European Union countries agreed on March 9 to toughen sanctions on Russia and Belarus, adding 160 individuals and announcing financial sanctions regarding Belarus.
The changes create a closer alignment of EU sanctions regarding Russia and Belarus and will help to ensure even more effectively that Russian sanctions cannot be circumvented, including through Belarus, the European Commission said.
For Belarus, the measures introduce SWIFT prohibitions similar to those in the Russia regime, clarify that crypto assets fall under the scope of “transferable securities” and further expand the existing financial restrictions by mirroring the measures already in place regarding Russia sanctions.
The sanctions restrict the provision of SWIFT services to Belagroprombank, Bank Dabrabyt, and the Development Bank of the Republic of Belarus, as well as their Belarusian subsidiaries.
They prohibit transactions with the Central Bank of Belarus related to the management of reserves or assets, and the provision of public financing for trade with and investment in Belarus.
They also prohibit the listing and provision of services in relation to shares of Belarus state-owned entities on EU trading venues as of April 12 2022.
The sanctions significantly limit the financial inflows from Belarus to the EU, by prohibiting the acceptance of deposits exceeding 100 000 euro from Belarusian nationals or residents, the holding of accounts of Belarusian clients by the EU central securities depositories, as well as the selling of euro-denominated securities to Belarusian clients.
They prohibit the provision of euro denominated banknotes to Belarus.
For Russia, the amendment introduces new restrictions on the export of maritime navigation and radio communication technology, adds Russian Maritime Register of Shipping to the list of state-owned enterprises subject to financing limitations and introduces a prior information sharing provision for exports of maritime safety equipment.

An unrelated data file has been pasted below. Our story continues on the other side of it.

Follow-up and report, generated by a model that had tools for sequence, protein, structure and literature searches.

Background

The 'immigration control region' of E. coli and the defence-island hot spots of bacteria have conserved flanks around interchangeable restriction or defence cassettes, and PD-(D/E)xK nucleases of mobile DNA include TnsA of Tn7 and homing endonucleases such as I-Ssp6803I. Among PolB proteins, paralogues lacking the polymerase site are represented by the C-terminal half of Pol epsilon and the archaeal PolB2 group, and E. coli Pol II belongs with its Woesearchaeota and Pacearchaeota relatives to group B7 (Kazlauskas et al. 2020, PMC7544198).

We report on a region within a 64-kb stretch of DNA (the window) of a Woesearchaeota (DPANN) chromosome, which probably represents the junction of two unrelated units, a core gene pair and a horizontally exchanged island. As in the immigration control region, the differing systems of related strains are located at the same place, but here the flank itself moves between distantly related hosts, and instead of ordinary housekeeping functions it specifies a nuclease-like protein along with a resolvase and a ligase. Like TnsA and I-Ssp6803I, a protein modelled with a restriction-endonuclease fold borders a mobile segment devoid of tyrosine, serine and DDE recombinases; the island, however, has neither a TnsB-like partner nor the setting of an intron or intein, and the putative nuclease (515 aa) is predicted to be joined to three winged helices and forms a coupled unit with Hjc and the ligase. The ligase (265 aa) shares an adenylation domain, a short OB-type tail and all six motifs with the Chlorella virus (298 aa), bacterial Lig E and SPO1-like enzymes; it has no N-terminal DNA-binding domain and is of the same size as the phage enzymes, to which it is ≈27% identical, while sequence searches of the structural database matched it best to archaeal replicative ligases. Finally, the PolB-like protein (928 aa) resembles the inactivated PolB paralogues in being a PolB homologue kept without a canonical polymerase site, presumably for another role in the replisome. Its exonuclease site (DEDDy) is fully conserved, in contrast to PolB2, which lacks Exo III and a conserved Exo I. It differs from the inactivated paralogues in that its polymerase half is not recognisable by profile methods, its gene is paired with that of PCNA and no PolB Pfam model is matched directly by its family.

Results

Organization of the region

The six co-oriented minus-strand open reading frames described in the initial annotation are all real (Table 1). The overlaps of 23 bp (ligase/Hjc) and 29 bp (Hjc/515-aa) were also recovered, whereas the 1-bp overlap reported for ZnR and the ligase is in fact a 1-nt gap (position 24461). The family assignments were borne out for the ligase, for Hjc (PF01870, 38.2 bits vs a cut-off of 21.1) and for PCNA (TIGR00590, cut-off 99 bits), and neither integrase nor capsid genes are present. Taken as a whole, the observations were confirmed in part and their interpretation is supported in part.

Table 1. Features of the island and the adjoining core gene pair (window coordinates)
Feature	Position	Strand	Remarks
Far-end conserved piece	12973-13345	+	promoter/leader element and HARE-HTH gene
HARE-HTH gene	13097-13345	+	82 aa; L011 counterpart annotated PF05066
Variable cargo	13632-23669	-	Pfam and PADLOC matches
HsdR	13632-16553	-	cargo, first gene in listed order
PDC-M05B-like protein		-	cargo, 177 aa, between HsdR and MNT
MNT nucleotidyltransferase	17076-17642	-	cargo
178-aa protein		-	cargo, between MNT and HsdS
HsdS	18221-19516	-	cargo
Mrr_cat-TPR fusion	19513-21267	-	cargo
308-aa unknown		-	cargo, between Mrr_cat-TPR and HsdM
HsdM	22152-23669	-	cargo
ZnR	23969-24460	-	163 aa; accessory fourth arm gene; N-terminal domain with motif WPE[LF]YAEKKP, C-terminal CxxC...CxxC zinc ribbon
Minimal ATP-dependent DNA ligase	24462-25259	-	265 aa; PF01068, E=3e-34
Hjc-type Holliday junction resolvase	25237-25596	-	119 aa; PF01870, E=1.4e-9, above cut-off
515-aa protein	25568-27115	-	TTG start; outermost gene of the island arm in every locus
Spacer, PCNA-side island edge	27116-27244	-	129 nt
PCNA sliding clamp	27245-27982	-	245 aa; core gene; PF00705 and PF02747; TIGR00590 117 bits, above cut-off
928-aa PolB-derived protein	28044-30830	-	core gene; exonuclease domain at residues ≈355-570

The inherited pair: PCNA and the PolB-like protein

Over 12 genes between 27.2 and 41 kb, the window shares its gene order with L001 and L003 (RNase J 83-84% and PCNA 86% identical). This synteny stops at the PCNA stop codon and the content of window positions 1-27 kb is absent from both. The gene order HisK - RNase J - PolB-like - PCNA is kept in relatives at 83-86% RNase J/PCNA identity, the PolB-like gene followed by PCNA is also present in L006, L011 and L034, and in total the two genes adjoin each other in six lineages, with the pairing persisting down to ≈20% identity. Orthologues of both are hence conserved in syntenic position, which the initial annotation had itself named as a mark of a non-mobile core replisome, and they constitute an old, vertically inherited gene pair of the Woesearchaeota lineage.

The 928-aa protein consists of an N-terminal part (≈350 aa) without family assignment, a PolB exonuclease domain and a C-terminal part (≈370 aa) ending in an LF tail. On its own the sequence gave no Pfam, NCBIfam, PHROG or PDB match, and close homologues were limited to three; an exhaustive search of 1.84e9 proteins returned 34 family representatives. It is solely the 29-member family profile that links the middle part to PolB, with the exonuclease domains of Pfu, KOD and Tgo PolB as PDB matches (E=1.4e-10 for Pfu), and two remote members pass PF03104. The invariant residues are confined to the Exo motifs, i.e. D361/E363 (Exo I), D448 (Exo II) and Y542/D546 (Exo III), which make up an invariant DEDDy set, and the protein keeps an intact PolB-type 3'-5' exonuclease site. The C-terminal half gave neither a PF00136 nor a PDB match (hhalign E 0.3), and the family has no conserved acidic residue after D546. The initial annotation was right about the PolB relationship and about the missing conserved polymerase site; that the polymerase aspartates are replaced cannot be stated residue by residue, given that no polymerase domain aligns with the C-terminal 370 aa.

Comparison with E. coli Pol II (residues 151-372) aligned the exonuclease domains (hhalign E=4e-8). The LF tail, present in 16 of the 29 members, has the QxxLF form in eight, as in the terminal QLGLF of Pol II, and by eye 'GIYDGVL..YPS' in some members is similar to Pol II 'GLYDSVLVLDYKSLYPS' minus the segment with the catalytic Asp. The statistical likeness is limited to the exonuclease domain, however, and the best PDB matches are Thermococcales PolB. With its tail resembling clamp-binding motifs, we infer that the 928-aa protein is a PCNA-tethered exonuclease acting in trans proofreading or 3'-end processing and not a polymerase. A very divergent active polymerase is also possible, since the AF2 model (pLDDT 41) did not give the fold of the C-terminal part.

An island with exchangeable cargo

In addition, it also extends the exemption relating to the acceptance of deposits exceeding 100 000 euro in EU banks to Swiss and EEA nationals.
The statement said that the EU confirmed the common understanding that loans and credit can be provided by any means, including crypto assets, as well as further clarified the notion of “transferable securities”, so as to clearly include crypto-assets, and thus ensure the proper implementation of the restrictions in place.
The 160 individuals added to the sanctions list include 14 oligarchs and prominent businesspeople involved in key economic sectors providing a substantial source of revenue to the Russian Federation – notably in the metallurgical, agriculture, pharmaceutical, telecom and digital industries -, as well as their family members.
The list includes 146 members of the Russian Federation Council, who ratified the government decisions of the ‘Treaty of Friendship, Cooperation and Mutual Assistance between the Russian Federation and the Donetsk People’s Republic’ and the ‘Treaty of Friendship, Cooperation and Mutual Assistance between the Russian Federation and the Luhansk People’s Republic’.
Altogether, EU restrictive measures now apply to a total of 862 individuals and 53 entities, the European Commission said.
(Photo: Sébastien Bertrand)
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